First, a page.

On this day in WNC history: Play Ball! These words signifying the start of “America’s pastime” were first heard at Asheville’s new McCormick Field on this day in 1924.
Baseball grew in western NC in the decades after the Civil War. The region’s first professional team was the 1897 Asheville “Moonshiners” squad who played in Allendale Park near the French Broad River. The popular Riverside Park also hosted local county team games until it was destroyed in the Flood of 1916. Other small parks in Asheville periodically hosted big names stars such as Ty Cobb and Jim Thorpe who came to play exhibition matches. By this time, it was clear Asheville needed a professional field. From 1916-1924, the city began planning and financing such a venue with bonds. The stadium was built at a cost of $200,000, roughly $3 million in today’s currency. It was named for Dr. Lewis McCormick, a bacteriologist in Asheville.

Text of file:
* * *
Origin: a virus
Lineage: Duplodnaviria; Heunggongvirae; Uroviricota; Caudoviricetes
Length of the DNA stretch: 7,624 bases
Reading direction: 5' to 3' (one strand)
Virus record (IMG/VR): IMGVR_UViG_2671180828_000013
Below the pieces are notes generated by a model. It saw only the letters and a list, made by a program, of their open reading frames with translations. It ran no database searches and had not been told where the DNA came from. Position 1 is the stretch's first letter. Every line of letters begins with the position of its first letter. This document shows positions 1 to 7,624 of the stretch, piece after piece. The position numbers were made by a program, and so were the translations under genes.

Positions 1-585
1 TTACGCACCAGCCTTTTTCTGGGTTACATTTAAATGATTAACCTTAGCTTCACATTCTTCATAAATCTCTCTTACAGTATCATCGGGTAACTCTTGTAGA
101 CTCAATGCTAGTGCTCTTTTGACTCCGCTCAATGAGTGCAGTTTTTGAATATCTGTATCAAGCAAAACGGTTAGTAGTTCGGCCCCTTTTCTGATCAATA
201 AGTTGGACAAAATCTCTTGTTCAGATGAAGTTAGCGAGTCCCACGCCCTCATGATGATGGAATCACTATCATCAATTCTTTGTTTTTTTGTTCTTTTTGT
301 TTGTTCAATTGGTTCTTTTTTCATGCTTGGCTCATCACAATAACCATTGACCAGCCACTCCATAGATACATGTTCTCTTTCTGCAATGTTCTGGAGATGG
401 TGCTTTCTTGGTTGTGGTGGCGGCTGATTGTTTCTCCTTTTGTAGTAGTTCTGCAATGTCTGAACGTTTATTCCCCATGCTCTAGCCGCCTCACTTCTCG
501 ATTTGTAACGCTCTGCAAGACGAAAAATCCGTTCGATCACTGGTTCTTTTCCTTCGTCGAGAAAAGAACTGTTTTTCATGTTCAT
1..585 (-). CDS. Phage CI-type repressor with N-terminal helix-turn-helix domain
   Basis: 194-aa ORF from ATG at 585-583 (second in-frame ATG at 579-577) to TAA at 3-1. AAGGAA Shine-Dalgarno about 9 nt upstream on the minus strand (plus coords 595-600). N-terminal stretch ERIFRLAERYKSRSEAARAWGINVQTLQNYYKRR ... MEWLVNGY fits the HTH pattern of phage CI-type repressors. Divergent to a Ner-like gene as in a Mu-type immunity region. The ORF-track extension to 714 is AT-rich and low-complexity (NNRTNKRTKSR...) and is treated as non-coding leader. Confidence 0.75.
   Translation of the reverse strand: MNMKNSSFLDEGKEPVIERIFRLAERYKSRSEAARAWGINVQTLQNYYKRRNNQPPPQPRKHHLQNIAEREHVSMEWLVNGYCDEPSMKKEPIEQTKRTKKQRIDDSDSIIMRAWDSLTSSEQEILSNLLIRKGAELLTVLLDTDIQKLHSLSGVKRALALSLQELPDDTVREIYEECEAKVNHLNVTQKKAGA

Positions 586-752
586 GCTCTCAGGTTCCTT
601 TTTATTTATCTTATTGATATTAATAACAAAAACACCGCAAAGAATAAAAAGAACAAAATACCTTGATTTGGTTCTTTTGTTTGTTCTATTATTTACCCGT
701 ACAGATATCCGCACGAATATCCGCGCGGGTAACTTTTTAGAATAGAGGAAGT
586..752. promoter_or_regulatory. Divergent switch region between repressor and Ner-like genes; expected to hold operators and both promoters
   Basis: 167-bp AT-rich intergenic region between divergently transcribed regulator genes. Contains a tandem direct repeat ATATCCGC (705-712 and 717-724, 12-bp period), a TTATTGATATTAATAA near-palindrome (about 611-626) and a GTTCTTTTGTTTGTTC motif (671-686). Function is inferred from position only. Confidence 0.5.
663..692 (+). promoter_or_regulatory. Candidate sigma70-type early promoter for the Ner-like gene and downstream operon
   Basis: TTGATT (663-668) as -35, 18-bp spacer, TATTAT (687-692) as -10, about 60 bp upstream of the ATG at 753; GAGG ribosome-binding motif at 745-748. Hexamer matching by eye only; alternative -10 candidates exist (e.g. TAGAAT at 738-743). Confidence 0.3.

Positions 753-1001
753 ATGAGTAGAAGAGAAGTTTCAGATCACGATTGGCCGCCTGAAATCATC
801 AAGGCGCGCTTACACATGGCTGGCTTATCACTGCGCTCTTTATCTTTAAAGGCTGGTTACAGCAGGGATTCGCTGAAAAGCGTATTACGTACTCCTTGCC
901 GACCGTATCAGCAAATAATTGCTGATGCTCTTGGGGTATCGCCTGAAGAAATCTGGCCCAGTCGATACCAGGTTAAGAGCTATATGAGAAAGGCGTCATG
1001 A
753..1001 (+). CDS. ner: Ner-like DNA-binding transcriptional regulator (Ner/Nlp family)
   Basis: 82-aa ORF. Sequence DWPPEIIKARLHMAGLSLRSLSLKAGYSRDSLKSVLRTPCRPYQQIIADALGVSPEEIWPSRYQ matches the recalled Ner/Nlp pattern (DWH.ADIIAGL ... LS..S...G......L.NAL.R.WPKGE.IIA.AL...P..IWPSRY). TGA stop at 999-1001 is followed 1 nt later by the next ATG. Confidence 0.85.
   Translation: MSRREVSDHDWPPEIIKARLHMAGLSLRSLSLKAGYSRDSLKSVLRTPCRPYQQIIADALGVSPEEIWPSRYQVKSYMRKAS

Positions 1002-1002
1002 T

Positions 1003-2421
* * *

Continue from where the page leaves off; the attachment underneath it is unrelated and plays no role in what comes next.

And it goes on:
Finally, on April 22, 1924, 4,268 fans jammed in to celebrate their new venue and the new team, the Asheville Skylanders. The city had declared a half-holiday, and most stores closed so that downtown workers could enjoy the game. Playing in the South Atlantic League against their frequent rival the Greenville (SC) Spinners, Asheville’s club lost 11-2. Two days later, the team quietly changed its name to the more familiar “Tourists” we know today before the last game of their series with Greenville. The team finished fifth in the standings that year, but by 1928 won the league championship. Marked only by a few short breaks, McCormick Field has hosted the Tourists ever since, with future Major League Baseball standouts such as Willie Stargell. Eddie Murray, Dave Roberts, and Todd Helton among the rosters.